Mistakes in Basel Accord Could Harm Developing Countries Stephany Griffith-Jones

The Basle Committee of G-10 banking regulators has proposed a new Capital Accord, with the expressed aim of more accurately aligning regulatory capital with the risks that international banks face. Recent detailed research shows clearly that the current Basle proposal would quite significantly overestimate the risk of international bank lending to developing countries; this would increase capital requirements excessively on such lending, leading to a sharp increase in the cost of bank borrowing by developing countries, as well as to an important fall in the supply of bank loans.

This is particularly serious issue now, as in the last five years bank lending to the developing world has already fallen sharply. This decline in bank lending and other capital flows has had a very negative impact on growth in the developing world, especially recently in Latin America. Thus, the current proposals are problematic, both in terms of the Basle Committee’s own aims (more accurate measurement of risk for determining capital adequacy) and due to their further discouragement of already insufficient bank lending to emerging markets, which damages growth of their economies. The latter impact is manifestly against one of the aims of the G-10, which is actively to encourage private flows to developing countries and use them as an engine for stimulating and funding growth.

 How do the current Basle proposals overestimate risk of lending to developing countries? How could they be modified to be both more precise and less damaging to developing countries?

One of the reported major benefits of lending to –and investing in – developing countries, is their relatively low correlation with mature markets. In our research, we have carefully tested this hypothesis empirically and found very strong evidence – for a variety of variables, and over a range of time periods – that correlation between developed and developing countries is significantly lower than correlation only amongst developed countries. For example, spreads on syndicated loans – which reflect risks and probability of default – tend to rise and fall together within developed regions more than between developed and developing countries; similar results are obtained for the correlation of profitability of banks. Furthermore, broader macro-economic variables (such as growth of GDP, interest rates, evolution of bond prices and stock market indexes) show far more correlation within developed economies than between developed and developing ones.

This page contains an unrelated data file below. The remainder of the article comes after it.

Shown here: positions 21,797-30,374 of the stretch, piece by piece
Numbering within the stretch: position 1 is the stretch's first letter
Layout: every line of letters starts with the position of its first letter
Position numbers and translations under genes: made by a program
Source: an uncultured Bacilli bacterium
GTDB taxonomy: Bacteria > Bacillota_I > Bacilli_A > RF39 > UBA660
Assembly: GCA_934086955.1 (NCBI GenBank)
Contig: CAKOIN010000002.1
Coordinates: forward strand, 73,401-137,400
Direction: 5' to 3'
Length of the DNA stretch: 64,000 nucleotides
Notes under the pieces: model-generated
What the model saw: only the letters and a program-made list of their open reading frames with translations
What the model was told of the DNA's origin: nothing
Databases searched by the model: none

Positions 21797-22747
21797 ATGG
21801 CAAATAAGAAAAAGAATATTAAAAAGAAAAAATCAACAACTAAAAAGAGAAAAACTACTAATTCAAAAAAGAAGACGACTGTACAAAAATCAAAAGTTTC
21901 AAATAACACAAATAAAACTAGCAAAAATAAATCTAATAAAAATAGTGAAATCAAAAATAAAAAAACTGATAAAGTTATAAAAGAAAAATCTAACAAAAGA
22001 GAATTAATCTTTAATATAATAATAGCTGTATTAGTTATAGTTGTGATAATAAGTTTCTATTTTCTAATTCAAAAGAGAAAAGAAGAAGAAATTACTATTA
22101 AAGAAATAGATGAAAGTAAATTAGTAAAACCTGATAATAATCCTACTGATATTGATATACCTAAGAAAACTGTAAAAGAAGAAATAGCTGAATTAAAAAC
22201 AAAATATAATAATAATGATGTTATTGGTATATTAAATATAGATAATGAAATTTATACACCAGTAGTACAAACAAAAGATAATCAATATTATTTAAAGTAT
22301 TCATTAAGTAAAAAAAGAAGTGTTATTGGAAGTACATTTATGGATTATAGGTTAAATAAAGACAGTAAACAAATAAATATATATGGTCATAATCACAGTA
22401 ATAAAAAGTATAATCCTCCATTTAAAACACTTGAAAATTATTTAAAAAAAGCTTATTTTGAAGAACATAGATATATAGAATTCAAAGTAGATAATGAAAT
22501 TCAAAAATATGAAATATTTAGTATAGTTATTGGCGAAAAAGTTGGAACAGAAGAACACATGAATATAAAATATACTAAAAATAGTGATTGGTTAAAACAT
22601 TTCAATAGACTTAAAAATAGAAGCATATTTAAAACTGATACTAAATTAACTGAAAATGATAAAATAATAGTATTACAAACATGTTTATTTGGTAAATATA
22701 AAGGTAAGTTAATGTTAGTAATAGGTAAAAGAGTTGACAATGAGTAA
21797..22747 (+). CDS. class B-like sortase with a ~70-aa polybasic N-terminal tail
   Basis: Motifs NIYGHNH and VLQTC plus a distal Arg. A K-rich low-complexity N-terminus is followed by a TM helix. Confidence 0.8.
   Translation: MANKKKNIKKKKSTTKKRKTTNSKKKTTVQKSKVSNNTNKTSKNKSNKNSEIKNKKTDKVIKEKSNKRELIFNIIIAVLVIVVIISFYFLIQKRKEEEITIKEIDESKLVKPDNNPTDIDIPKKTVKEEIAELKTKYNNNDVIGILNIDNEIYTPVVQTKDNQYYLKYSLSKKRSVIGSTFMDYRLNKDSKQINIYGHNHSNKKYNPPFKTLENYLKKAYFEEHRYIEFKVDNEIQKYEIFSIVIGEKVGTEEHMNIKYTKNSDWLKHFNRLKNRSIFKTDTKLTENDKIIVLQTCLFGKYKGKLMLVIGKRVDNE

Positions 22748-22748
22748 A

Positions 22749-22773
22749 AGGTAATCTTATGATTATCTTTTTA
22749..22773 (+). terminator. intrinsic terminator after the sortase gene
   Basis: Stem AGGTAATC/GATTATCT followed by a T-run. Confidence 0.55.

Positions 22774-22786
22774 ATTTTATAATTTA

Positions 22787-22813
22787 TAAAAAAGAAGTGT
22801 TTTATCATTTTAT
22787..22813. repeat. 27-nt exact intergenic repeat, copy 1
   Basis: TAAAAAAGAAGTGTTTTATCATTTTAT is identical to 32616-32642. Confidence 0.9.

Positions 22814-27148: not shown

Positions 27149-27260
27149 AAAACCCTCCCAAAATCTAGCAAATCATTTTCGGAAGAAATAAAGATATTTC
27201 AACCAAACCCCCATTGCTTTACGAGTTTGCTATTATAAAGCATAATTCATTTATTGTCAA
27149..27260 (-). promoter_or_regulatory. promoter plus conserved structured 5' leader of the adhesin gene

Finance theory and practice tells us that the clear implication of these empirical findings is that a bank’s loan portfolio that is diversified between developed and developing countries has a lower level of risk, than one focussed exclusively on lending to developed economies. In order to test this more directly we simulated two loan portfolios, one with diversification only across developed economies, and another that diversified across developed and developing regions. We found that the estimated unexpected losses for the portfolio focussed only on developed country borrowers was almost 23% higher.